Traditional crafts have been enjoying quite the revival over the past few years, with none more so than knitting. No longer the preserve of rocking-chair grannies clacking their needles together, knitware has lost its olde fashioned sensibilities and been replaced with a level of cool. At the forefront of this trend since 2003, Donna Wilson sells all manner of colourful woolen textiles: cushions, blankets and most famously, cuddly monsters. She is thrilled that the stereotype of knitting as described above is being broken. Despite her company’s growth, Donna has stayed true to her roots and stays firmly embedded in the traditions that knitting weaves. Here’s how she does it:
1. Collaborating with UK designers
Winning the Elle Decoration British Designer of the Year in 2010 helped gain Donna’s work even greater recognition and no doubt helped to secure collaborations with iconic furniture designers Ercol and SCP. Showing the versatility of wool to its full extent, the Ercol collaboration saw the iconic chairs reimagined with colourful woven seats. Meanwhile, the current SCP collaboration of cushions and throws is woven in a traditional Welsh mill. Manufacturing in the UK is something we at ‘The Holborn’ are very passionate about and it’s great to see a respected British designer taking advantage of our nationwide talent.
2. Importance of creating by hand
Thankfully, England is not a country of under-paid labourers churning out poor quality reproductions on giant machines. More and more, people are concerned with the story of what they’re buying and nothing is more reassuring than to know something has been handmade. Donna’s work is not and will never be mass-produced, even though, ‘…it would certainly be less time-consuming, but for me I think they (her knitted creatures) would lose their charm, identity and oddness. When I’m making them I have to use the same process for each type but because they’re made by hand, their form varies from one to another and when we get to the stage of stitching their features on, I create a new personality every time – embroidery is like drawing with a needle and thread. The proportions and placement give each one a different look and that’s why I enjoy making them.’ (Which is why we enjoy buying them).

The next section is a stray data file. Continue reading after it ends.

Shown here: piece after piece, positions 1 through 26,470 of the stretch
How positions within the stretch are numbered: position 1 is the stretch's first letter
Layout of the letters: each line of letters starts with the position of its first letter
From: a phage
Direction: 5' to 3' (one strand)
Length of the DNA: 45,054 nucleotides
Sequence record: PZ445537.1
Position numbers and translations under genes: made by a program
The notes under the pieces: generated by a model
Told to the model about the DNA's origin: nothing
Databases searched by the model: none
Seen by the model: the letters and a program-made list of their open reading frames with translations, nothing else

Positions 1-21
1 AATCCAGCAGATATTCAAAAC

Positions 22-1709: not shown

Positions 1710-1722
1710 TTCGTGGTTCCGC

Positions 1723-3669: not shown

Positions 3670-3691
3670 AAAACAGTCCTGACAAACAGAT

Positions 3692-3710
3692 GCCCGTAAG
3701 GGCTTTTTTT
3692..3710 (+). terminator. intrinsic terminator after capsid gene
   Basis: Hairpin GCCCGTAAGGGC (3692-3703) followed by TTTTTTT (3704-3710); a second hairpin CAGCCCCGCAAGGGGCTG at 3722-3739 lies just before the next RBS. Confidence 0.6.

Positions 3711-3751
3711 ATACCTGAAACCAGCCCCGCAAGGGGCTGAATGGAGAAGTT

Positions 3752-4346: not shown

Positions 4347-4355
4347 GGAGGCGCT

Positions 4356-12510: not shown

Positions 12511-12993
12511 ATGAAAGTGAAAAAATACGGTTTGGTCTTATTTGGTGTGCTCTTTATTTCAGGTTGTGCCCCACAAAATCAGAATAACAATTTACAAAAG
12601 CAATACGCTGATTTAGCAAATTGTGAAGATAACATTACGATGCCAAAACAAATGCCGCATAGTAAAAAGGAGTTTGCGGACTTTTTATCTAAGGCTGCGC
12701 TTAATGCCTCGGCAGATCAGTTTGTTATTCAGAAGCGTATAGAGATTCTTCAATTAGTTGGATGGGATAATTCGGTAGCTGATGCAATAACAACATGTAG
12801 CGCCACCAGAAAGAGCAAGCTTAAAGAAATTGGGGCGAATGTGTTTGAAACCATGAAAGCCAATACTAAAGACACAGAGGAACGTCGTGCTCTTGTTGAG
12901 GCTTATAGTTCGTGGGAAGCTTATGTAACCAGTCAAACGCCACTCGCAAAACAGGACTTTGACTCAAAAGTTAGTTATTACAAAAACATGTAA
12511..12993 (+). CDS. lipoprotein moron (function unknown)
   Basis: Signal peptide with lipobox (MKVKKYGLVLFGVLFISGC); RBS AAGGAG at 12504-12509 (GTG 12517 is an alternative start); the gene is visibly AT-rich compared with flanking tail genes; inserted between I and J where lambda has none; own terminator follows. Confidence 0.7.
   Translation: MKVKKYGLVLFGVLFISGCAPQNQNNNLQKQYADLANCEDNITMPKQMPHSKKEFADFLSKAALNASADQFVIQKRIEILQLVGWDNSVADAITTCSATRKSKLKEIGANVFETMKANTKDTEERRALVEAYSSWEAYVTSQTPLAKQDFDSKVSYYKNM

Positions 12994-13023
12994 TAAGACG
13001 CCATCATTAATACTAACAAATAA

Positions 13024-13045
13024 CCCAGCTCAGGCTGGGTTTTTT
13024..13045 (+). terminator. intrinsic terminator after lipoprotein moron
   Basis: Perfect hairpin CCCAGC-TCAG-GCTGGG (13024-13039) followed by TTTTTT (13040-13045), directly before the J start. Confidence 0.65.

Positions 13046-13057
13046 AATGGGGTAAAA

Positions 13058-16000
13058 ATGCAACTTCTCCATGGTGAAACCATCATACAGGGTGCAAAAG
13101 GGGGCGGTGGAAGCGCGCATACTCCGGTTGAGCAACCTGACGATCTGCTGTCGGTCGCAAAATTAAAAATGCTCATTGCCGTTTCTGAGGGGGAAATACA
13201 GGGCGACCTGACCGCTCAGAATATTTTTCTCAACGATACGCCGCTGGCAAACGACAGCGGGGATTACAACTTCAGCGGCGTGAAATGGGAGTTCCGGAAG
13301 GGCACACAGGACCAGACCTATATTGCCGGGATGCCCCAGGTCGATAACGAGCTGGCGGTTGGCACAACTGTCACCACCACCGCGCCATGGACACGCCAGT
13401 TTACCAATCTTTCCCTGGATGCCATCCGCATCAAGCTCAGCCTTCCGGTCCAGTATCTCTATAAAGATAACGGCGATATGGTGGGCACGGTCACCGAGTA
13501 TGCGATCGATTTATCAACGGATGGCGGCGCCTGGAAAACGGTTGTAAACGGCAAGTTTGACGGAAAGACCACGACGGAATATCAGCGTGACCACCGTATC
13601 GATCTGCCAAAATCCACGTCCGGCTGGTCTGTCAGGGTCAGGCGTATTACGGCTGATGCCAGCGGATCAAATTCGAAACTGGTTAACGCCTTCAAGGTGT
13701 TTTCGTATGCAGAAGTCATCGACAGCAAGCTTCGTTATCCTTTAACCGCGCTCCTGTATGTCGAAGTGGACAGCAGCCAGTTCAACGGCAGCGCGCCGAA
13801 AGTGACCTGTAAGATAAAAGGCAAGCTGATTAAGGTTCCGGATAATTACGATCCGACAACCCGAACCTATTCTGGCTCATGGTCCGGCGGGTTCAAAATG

3. Extolling the benefits of knitting
There’s been a lot of talk lately about the benefits of crafting, and Donna is a great believer in the power of handmade creations, she thinks, ‘…knitting is a very healthy, creative and satisfying habit.’ She does however admit to not having the patience for knitting or crochet when her grandmother tried teaching her as a youngster, and still prefers machine knitting over hand knitting for that same reason. But nothing can take away her enjoyment of the knitting process: ‘I always love the way I can create a fabric from a strand of yarn, in the texture, colour and pattern that I want.’
4. Natural materials & incredible colours
Donna is enthusiastic about the material she works with. ‘I love working with wool and wearing wool. It’s such a lovely natural material and can behave in lots of ways. For example, when you feel it, it can be quite thick and dense. You can dye it beautiful bright colours and it is so breathable so you can keep both cosy and cool. I always work with natural yarns, mainly lambswool, I love the colours you can get as well as its felting properties. I love working with colour and I think that brings a lot of personality to people.’
5. Sense of humour
Donna Wilson’s ‘Creatures‘, knitted monsters of odd-shaped proportions, have a bigger personality than any other woven bear I know. Carlos (above) for example is, ‘Secretly a graffiti artist and loves cheeseburgers’. ‘Making things that make people smile‘ is at the centre of what makes Donna’s work so popular. For her, ‘Being creative is a fantastic feeling, and I’d recommend anyone to give it a go.’
(All images from Donna Wilson)
By Verity Inett
Workshop Editor // firstname.lastname@example.org